Joint heads of The Left Gesine Lötzsch and Klaus Ernst were present, as were head of the party's parliamentary party Gregor Gysi, former party chairman Oskar Lafontaine and Berlin party chairman Klaus Lederer as well as parliamentary deputy president Petra Pau.
The wreath laying, to commemorate Luxemburg and Liebknecht, was overshadowed by the row over comments made by Lötzsch last week suggesting she wanted to take the party and eventually the country towards communism.
“We can only find the route to communism if we make a start and try it out, whether in opposition or in government,” she wrote in an article headed “Ways to Communism” in the Junge Welt newspaper.
This had attracted the ire of Gysi who distanced himself from the comments over the weekend, telling party comrades in Hamburg on Saturday, “We have very consciously decided not to be a communist party, and will work not towards communism but towards democratic socialism.”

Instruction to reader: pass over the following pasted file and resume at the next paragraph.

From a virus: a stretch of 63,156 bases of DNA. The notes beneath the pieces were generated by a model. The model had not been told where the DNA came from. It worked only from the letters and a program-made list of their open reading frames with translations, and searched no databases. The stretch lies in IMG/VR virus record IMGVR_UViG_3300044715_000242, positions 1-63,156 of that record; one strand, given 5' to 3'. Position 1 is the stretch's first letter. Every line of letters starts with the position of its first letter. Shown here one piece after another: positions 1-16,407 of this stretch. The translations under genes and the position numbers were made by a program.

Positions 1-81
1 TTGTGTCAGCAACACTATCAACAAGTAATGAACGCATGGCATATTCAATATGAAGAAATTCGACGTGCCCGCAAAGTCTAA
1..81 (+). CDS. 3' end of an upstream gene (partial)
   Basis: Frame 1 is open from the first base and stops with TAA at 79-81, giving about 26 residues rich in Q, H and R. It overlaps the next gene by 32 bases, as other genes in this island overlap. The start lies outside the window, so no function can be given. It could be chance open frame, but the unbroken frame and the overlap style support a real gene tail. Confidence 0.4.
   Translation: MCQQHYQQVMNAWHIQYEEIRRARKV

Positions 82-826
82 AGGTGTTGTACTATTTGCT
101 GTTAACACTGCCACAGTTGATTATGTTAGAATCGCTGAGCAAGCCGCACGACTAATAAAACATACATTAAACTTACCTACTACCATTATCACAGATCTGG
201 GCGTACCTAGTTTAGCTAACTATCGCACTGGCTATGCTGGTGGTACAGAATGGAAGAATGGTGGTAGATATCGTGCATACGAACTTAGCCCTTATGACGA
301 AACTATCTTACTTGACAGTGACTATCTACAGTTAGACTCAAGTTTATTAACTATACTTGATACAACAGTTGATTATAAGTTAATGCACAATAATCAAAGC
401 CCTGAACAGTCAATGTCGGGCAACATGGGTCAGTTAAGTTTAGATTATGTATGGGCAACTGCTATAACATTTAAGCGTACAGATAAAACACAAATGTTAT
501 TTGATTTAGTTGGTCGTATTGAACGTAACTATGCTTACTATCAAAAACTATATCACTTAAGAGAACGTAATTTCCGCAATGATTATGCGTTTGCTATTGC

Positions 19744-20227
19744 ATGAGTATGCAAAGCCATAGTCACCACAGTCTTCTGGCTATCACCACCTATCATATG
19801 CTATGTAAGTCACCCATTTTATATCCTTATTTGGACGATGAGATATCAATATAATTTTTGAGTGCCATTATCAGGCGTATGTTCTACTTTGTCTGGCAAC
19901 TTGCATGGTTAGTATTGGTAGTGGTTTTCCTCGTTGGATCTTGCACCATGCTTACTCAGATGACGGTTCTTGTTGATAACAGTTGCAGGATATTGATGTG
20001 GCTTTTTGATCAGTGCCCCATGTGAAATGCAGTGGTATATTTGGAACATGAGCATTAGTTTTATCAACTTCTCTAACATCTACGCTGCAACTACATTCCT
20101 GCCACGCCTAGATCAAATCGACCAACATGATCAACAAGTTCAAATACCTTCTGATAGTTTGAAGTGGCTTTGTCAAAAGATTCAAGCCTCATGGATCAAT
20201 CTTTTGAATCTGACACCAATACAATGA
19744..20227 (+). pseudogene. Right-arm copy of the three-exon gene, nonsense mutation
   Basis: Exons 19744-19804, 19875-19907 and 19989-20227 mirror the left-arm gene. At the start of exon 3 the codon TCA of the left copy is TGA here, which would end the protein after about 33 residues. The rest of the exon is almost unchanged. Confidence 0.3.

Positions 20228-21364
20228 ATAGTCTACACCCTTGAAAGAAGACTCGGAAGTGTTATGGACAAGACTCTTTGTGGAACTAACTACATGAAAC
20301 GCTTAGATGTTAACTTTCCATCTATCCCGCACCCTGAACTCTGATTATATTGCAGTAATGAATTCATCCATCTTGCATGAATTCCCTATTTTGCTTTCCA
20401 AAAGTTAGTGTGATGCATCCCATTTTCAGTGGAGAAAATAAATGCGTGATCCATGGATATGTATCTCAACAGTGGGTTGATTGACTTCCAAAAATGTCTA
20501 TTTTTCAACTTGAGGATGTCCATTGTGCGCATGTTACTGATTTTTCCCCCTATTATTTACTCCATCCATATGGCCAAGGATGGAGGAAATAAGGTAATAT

By Sunday Lötzsch was back in line, saying the communism comment was a question of interpretation, and stressing that the party was working towards democratic socialism.
She rejected criticism from conservatives who pounced upon her article as evidence that The Left party was anti-constitutional, saying such allegations were absurd.
Lafontaine also criticised the attacks on the party, describing them as a malicious campaign.
Gysi simply said it was time to concentrate on other, more important topics. Lötzsch had cancelled a podium discussion planned for Saturday evening during which she was due to talk with former leftist RAF terrorist Inge Viett and German Communist Party chairwoman Bettina Jürgensen.